Outcome in small aneurysms (<4 mm) treated by endovascular coiling
- Cheemun Lum1,
- Surendra Babu Narayanam1,
- Leonardo Silva1,
- Jai Shankar1,
- Miguel Bussiere2,
- Marlise P Dos Santos1,
- Howard Lesiuk3
- 1Diagnostic Imaging and Interventional Neuroradiology Section, The Ottawa Hospital, University of Ottawa, Ottawa, Ontario, Canada
- 2Department of Medicine-Neurology Division, The Ottawa Hospital, University of Ottawa, Ottawa, Ontario, Canada
- 3Department of Surgery-Division of Neurosurgery, The Ottawa Hospital, University of Ottawa, Ottawa, Ontario, Canada
- Correspondence to Dr C Lum, Diagnostic Imaging–Diagnostic and Interventional Neuroradiology, University of Ottawa, 1053 Carling Ave, C1-Diagnostic Imaging, Ottawa, Ontario K1Y 4E9, Canada;
Contributors CL—research, writing and editing of manuscript; SBN, LS, JS—data collection; MB, MPDS, HL—writing and editing of manuscript.
- Received 5 April 2011
- Revised 31 May 2011
- Accepted 1 June 2011
- Published Online First 7 July 2011
Background Coiling of small aneurysms can be technically challenging. These aspects of coiling tend to be less problematic in medium to large aneurysms as they are more accommodating of microcatheters and coils. When physicians are asked their opinion regarding aneurysm coilability in small aneurysms, the decision often lies in the operator's feeling that they could reasonably exclude the aneurysm with a complication rate similar to larger aneurysms. The purpose of our study was to investigate the feasibility, intraprocedural rupture rates and long term durability of endovascular coiling for small (≤4 mm) aneurysms compared with non-small (>4 mm) aneurysms. To control for factors such as vessel tortuosity and aneurysm location, a control group was chosen matched to the study group both in age and aneurysm location.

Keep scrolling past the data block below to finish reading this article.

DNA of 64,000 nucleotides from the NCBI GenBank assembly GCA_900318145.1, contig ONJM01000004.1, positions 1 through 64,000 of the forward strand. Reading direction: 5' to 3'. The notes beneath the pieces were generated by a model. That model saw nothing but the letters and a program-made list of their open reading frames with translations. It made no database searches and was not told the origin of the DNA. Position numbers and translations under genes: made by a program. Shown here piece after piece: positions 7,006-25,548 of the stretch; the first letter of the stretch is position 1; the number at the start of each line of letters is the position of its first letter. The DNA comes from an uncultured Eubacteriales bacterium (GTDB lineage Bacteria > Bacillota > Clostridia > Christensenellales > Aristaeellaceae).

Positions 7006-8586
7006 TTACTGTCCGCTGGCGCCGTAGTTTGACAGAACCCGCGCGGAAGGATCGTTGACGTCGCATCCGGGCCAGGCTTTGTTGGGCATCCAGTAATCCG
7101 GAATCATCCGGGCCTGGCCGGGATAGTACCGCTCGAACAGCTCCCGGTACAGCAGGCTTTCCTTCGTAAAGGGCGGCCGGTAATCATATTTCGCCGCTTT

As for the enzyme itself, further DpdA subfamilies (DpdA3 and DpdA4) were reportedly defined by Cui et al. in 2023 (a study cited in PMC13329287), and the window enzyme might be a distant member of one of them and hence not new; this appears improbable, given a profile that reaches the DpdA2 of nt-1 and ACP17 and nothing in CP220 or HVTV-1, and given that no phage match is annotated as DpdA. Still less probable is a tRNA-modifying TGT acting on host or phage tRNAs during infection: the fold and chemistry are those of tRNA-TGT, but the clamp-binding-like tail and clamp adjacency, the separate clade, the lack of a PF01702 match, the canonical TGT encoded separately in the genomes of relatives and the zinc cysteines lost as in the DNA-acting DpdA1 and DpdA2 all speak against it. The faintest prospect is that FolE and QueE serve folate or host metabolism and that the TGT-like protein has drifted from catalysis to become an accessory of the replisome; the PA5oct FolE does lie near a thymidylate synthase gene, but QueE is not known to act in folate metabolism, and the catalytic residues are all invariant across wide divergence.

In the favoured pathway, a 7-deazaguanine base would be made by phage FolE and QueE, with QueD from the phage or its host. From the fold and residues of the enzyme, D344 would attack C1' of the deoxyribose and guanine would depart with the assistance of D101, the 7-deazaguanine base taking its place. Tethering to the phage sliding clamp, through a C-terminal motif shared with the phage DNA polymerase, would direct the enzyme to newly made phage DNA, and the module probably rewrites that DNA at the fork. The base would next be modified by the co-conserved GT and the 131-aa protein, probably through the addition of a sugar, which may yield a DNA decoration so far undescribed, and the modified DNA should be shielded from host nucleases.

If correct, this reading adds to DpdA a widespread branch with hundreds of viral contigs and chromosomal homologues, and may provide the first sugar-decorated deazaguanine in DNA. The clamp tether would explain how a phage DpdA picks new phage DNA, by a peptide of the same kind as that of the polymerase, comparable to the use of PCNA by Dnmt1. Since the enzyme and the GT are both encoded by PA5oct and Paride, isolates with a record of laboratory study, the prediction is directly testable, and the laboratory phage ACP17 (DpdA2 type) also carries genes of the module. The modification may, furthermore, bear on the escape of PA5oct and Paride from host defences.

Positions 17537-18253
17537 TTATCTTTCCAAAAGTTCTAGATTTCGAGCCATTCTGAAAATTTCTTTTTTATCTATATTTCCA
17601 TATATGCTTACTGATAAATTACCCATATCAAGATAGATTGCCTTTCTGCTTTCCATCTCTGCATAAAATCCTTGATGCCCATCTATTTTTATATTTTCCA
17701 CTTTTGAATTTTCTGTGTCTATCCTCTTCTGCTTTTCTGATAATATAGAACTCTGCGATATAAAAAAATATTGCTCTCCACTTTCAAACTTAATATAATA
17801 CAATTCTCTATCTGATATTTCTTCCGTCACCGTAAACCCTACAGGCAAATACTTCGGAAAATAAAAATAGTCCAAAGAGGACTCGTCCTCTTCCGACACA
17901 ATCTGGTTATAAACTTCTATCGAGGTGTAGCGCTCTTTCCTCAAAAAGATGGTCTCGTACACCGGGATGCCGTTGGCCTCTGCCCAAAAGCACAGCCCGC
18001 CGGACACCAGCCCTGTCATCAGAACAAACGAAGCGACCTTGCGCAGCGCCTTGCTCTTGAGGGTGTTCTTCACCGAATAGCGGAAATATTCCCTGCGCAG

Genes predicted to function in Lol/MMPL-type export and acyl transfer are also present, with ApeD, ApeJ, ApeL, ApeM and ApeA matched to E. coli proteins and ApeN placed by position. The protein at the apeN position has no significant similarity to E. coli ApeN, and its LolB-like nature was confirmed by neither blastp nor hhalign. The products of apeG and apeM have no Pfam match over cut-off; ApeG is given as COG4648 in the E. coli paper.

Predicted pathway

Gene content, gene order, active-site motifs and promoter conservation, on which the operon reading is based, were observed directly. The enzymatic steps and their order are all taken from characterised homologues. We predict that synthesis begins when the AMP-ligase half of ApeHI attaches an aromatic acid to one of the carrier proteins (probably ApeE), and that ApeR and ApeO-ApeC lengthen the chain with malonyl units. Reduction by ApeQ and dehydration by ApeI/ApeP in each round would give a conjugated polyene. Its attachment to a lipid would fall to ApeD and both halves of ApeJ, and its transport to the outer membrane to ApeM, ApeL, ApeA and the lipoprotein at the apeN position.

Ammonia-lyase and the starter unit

Materials and methods A retrospective review of 360 intracranial aneurysms coiled at our institution between 2003 and 2008 was performed. For the control group, intracranial aneurysms coiled in the same period matched to location and age were chosen.
Results The frequency of intraprocedural perforations was 4/34 (0.12) and 3/68 (0.04) for the small and non-small cohort, respectively (p=0.22). All patients who had a perforation in the small aneurysm groups had a good clinical outcome compared with 1/3 in the non-small group (two mortalities). The frequency of recanalization for the small and non-small groups was 3/34 (0.09) and 23/68 (0.33), respectively (p=0.006). There was no retreatments in the small aneurysm group and five (0.07) in the non-small group (p=0.116).
Conclusion Coiling of small (≤4 mm) aneurysms is feasible with a reasonable complication rate. There is a non-significant increase in frequency of intraprocedural rupture with coiling of small aneurysms compared with controls matched to aneurysm location and age but this is not associated with increased morbidity. Coiling of small aneurysms leads to durable results at long term follow-up.
Competing interests None.
Ethics approval This study was approved by the Ottawa Hospital Research Ethics Board protocol 2011399-01H.
Provenance and peer review Not commissioned; externally peer reviewed.